“I only got four hours of sleep last night. I woke up after an anxiety dream about deadlocks in the database.”
Anyone who has run an online service probably knows this feeling. And this is what Jez Humble wrote on our Slack channel, 24 hours before the launch of the 5th annual State of DevOps Survey. As I have mentioned many times, I’ve learned more doing this project than any project in my professional career. This has been a four-year collaboration with Jez Humble and Dr. Nicole Forsgren, as well as Nigel Kersten and Alanna Brown from Puppet Labs.
This year Jez, Nicole, and I created DevOps Research and Assessment (DORA) with the goal of taking what we’ve learned from analyzing over 20,000 respondents that we’ve collected over the last four years and using it to help organizations assess and improve how their teams are performing, both in terms of practices and performance.
If you’re interested in survey design or survey analysis, you can read more in the 2014 State of DevOps Report: Statistics Class Edition.
In this post, I want to give you a behind-the-scenes look at the 24 hours leading up to the survey launch of a survey tool we built, as well as some of our lessons learned. In previous years, we used a fantastic tool called SurveyGizmo to execute the survey. Puppet Labs uses SurveyGizmo for all their internal and external surveys, so it made sense to use something that was familiar.
However, this year, we decided to use a survey engine that Jez Humble wrote. The DORA team has been using this tool for our customers, and Jez persuaded the rest of us that we should use it for the 2016 State of DevOps research. Nigel Kersten, a former Google SRE and now CIO at Puppet Labs, and I both thought this was a preposterous idea because we had never tested the survey engine at scale, but Jez can be very convincing.
I wanted to share with you what that 24 hours before our launch was like, focusing on how we shored up our production telemetry and did some last-minute contingency plans, as well as some of our top lessons learned. I realize that compared to the stories one hears about at Velocity or DevOps Enterprise Summit, our launch is small potatoes, but for us, the stakes were high, with over six months of preparation depending on how the next few days went.
(And to be perfectly honest, one of my biggest fears was the reputational fallout of screwing this up. I could just imagine the headlines: “co-authors of The Phoenix Project and Continuous Delivery totally screw up, doing a Phoenix Project to themselves.”)
The TL;DR version:
- Even last-minute preparations can pay off
- Production monitoring can compensate for many shortcuts necessitated by real-world constraints
- Hosted Graphite and New Relic APM are amazing
- Chat tools radically transform the nature of production launches — we used Slack, but anyone not using something like it (e.g., HipChat, Flowdock, even IRC) needs to!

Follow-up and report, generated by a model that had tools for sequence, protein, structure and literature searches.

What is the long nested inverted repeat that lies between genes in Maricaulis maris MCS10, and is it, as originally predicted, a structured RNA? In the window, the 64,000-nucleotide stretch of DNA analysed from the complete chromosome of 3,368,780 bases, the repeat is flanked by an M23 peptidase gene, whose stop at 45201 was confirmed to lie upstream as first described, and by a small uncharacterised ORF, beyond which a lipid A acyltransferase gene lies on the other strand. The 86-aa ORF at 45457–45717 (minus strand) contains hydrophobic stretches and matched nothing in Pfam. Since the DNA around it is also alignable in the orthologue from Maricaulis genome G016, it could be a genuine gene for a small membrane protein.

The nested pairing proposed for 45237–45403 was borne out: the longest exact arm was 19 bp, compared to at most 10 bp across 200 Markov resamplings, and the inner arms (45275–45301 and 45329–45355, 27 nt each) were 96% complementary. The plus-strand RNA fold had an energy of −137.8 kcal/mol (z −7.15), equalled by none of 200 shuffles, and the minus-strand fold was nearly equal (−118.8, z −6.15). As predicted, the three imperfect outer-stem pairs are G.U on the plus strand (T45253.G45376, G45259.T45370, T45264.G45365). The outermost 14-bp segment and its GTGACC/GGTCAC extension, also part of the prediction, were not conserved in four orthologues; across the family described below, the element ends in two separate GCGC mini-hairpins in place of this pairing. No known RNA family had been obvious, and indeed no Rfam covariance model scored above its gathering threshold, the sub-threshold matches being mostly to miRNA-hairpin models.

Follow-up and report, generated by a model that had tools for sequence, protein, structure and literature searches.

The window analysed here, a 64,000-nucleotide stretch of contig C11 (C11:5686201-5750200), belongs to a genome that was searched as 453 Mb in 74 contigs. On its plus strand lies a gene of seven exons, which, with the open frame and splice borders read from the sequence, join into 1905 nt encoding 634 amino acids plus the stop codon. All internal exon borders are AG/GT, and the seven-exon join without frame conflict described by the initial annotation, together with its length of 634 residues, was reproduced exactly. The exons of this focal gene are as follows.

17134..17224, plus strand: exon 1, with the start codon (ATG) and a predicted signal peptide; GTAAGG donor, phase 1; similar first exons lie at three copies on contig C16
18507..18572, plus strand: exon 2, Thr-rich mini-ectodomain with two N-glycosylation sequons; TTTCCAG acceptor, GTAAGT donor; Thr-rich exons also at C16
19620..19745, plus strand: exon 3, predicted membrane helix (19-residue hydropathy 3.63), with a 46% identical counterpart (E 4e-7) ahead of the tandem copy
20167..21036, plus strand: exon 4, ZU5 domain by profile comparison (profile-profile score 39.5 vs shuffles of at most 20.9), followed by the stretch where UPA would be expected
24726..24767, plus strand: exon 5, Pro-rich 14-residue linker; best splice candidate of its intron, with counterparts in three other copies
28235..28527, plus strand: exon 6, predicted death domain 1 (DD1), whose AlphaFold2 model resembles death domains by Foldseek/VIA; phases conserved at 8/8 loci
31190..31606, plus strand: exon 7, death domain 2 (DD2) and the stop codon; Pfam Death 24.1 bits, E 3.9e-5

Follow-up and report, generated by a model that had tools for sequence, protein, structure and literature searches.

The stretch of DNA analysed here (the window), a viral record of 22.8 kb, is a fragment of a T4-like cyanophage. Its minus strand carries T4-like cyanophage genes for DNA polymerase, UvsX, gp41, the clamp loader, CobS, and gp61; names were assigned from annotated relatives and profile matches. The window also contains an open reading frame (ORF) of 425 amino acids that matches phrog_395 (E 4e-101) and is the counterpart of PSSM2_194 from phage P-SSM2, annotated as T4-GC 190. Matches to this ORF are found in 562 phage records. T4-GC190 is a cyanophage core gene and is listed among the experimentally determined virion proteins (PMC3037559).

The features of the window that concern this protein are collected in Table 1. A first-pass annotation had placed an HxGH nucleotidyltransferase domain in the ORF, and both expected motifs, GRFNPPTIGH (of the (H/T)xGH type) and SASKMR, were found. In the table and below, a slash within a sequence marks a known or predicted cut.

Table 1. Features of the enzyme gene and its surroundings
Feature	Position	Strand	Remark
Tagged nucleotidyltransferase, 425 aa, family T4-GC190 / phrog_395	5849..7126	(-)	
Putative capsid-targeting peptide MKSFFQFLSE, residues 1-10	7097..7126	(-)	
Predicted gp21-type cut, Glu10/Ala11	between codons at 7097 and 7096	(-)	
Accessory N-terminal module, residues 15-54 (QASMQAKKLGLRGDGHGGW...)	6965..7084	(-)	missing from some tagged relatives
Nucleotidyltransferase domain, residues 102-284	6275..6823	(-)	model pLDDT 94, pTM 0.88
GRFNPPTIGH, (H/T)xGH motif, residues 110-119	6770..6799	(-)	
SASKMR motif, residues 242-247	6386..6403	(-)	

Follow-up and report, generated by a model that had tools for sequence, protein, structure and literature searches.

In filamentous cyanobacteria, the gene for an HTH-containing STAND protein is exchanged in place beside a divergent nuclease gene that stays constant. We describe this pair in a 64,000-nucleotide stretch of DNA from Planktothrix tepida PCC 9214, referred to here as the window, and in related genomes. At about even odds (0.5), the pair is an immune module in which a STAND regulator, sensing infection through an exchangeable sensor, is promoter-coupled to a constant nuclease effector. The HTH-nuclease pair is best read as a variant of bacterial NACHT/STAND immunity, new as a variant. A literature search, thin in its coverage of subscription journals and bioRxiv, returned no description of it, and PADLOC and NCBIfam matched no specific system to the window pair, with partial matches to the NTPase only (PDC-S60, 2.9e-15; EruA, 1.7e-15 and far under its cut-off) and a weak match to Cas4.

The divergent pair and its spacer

Take the survey! >>>
The 24 Hours Before Launch
The launch of the State of DevOps survey was Tuesday, March 22, 2016. This is when tens of thousands of emails would go out, announcing that the survey was live, from IT Revolution, Puppet Labs, and fellow sponsors, Atlassian, Automic, CA Technologies, HP Enterprise, Splunk, and ThoughtWorks.
One minor complication: that week, everyone was scattered around the globe. Jez was working full-time at the amazing 18F organization inside the US Federal Government, but was in London doing a speaking engagement, having just been in India. As the sole engineer, he was doing all the last-minute work during his evenings.
Nicole, our resident researcher and protector of the sanctity of the survey instrument, was in the middle of a weeklong trip to India for her work at Chef, with unreliable hotel internet access.
And me? I was under the gun finishing up the developmental editing work for the upcoming DevOps Handbook (Yes, it’s coming!), to stay ahead of the copyeditors. I was also down with pneumonia.
So, 24 hours before launch, the entire team was scattered around the globe, each with lots of daytime obligations. Alanna and I had just finished reviewing the survey instrument, and we had a list of issues that we needed to fix.
It was at this moment, pondering the implications of potential code changes to the survey engine, when I realized all of the incomplete things that I personally wanted to do for this project, such as writing a testing harness in Ruby and Nokogiri so that we could do load testing, etc. But with only 24 hours to launch, there are only so many corrective actions you can take.
The mental checklist that I felt like we had to get through was along the following lines, all based on what could go wrong and how we could best mitigate those risks:
- What production metrics were we tracking?
- Approximately how many concurrent sessions should we be able to handle?
- How exactly will we know if the survey engine falls over? (Besides Twitter, that is…)
- What are the exact steps we need to take to failover onto a backup service?
We had the entire project team assembled in Slack, and we started going through these questions.